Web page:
A article from City Room that is worth printing in full:
Questioning the Future for the Middle Class
By Sewell Chan
A new report by the Center for an Urban Future raises profound questions about the future of the middle class in New York City. The problems the report raises are well-known: a sharp increase in the cost of living, along with a reduction in the kinds of jobs that once propelled people from the bottom rungs of the socioeconomic ladder into the realm of economic stability.
While the collapse of the mortgage and housing markets might provide some relief to a few home buyers, “its aftermath will not change the underlying dynamic: over the past three decades, a wide gap has opened between the means of most New Yorkers and the costs of living in the city,” the report states.
The 52-page report, “Reviving the City of Aspiration,” was based on economic, demographic and historical research; focus groups; and more than 100 interviews with economists and other academic experts. It was written by Jonathan Bowles, Joel Kotkin and David Giles.
The study noted several positive trends: increases in the number of building permits and home ownership rates; long waiting lists for day-care centers and private schools; and a widespread perception among middle class families that the family is safe and livable.
That said, middle class families are, in fact, departing, for destinations like Philadelphia; Charlotte, N.C.; Allentown, Pa.; and suburban Atlanta. Indeed, in 2006, New York City had a higher rate of domestic out-migration than struggling upstate cities like Buffalo, Ithaca, Rochester and Syracuse. The report also noted that several key demographics — college graduates, families with school-age children, successful immigrants, municipal workers and members of the large black middle class population in eastern Queens — have seemed especially likely to leave.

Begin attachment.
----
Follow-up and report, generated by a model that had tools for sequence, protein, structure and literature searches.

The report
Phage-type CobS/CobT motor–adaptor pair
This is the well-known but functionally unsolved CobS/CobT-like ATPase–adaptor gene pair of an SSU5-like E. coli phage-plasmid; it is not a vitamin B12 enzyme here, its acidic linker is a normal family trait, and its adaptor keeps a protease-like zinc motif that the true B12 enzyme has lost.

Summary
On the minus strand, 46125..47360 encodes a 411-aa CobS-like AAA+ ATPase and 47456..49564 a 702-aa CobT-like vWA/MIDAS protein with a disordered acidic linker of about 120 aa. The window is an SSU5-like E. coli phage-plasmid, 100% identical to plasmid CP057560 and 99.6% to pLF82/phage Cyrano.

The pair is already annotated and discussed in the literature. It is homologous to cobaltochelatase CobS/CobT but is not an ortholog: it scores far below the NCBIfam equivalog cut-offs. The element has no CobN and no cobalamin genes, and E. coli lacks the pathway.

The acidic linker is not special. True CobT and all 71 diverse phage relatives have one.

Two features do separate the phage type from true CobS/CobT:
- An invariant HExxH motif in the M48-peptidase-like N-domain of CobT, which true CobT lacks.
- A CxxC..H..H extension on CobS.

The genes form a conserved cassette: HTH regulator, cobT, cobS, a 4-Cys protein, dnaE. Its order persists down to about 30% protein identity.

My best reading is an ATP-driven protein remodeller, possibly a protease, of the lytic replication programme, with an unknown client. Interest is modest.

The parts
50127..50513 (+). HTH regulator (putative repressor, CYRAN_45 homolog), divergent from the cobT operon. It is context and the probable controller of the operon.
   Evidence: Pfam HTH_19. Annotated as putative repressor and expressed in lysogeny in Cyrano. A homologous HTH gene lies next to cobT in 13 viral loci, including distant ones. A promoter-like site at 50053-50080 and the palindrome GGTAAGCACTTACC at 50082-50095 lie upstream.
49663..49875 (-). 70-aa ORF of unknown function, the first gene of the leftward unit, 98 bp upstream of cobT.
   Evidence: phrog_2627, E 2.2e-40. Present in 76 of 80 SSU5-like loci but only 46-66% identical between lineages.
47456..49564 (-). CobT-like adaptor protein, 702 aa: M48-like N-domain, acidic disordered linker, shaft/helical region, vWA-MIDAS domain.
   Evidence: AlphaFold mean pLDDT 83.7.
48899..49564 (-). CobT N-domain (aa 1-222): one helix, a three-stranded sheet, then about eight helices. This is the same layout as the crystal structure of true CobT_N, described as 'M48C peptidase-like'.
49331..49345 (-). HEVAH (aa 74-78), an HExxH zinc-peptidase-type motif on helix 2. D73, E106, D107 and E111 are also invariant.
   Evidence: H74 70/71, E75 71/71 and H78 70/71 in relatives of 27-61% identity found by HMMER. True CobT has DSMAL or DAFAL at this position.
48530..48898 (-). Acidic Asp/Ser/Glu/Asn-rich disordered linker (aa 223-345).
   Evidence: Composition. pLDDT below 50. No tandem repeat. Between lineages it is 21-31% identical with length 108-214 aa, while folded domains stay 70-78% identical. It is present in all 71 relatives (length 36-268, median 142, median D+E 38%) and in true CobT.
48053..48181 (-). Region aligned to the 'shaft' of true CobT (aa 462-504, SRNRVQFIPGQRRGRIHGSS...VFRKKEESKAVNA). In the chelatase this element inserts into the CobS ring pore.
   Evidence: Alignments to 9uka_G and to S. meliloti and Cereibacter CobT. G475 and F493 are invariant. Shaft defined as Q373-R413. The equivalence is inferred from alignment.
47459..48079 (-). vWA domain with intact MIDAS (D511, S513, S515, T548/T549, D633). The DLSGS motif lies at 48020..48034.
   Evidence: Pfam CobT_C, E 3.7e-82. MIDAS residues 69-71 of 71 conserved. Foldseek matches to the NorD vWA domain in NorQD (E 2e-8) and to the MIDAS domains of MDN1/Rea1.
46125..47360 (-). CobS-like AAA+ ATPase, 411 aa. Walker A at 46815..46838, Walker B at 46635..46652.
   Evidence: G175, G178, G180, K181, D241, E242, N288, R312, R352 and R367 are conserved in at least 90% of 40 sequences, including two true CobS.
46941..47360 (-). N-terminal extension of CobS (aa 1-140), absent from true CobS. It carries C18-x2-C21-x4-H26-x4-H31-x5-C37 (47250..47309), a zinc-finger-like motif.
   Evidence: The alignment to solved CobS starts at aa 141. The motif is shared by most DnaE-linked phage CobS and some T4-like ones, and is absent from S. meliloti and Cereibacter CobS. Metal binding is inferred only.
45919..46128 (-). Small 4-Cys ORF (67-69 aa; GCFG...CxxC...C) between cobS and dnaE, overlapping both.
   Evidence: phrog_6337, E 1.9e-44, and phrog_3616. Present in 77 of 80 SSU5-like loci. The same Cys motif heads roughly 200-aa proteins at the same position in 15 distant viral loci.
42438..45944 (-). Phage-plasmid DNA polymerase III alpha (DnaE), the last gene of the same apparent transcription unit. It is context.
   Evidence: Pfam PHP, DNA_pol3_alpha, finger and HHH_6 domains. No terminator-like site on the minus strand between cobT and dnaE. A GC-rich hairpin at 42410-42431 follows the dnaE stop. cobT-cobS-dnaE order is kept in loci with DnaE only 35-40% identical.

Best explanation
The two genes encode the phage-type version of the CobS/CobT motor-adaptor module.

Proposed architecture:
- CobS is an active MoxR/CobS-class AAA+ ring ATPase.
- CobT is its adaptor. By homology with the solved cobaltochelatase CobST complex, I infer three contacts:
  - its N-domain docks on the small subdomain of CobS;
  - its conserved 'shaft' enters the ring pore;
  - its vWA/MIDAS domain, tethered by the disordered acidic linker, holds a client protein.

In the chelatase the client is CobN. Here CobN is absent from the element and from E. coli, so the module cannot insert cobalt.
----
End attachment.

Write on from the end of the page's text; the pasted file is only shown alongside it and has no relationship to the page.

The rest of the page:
The report grimly warned:
Unless we find ways to reverse some of the trends detailed in this report, the New York of the 21st century will continue to develop into a city that is made up increasingly of the rich, the poor, immigrant newcomers and a largely nomadic population of younger people who exit once they enter their 30s and begin establishing families. Although such a population might sustain the current “luxury city” — as Mayor Michael Bloomberg famously described New York — it betrays the city’s aspirational heritage. Further, a New York largely denuded of its middle class will find it nearly impossible to sustain a diversified economy, the importance of which is clearer than ever in light of the current finance-led recession.
Along with surging costs of living — for everything from rent to heating oil — and the decline in sustainable middle class jobs, the report also cites as reasons for middle class vulnerability such factors as still-failing schools, local infrastructure burdened by rampant development and the flight of university professors to more affordable parts of the country.
The report offers a litany of suggestions to make the city more palatable to the middle class: diversifying the economy to produce more equitable jobs; embracing community colleges as engines of social mobility; preserving middle class housing; improving transportation, schools and critical infrastructure; and paying closer attention to the boroughs outside Manhattan.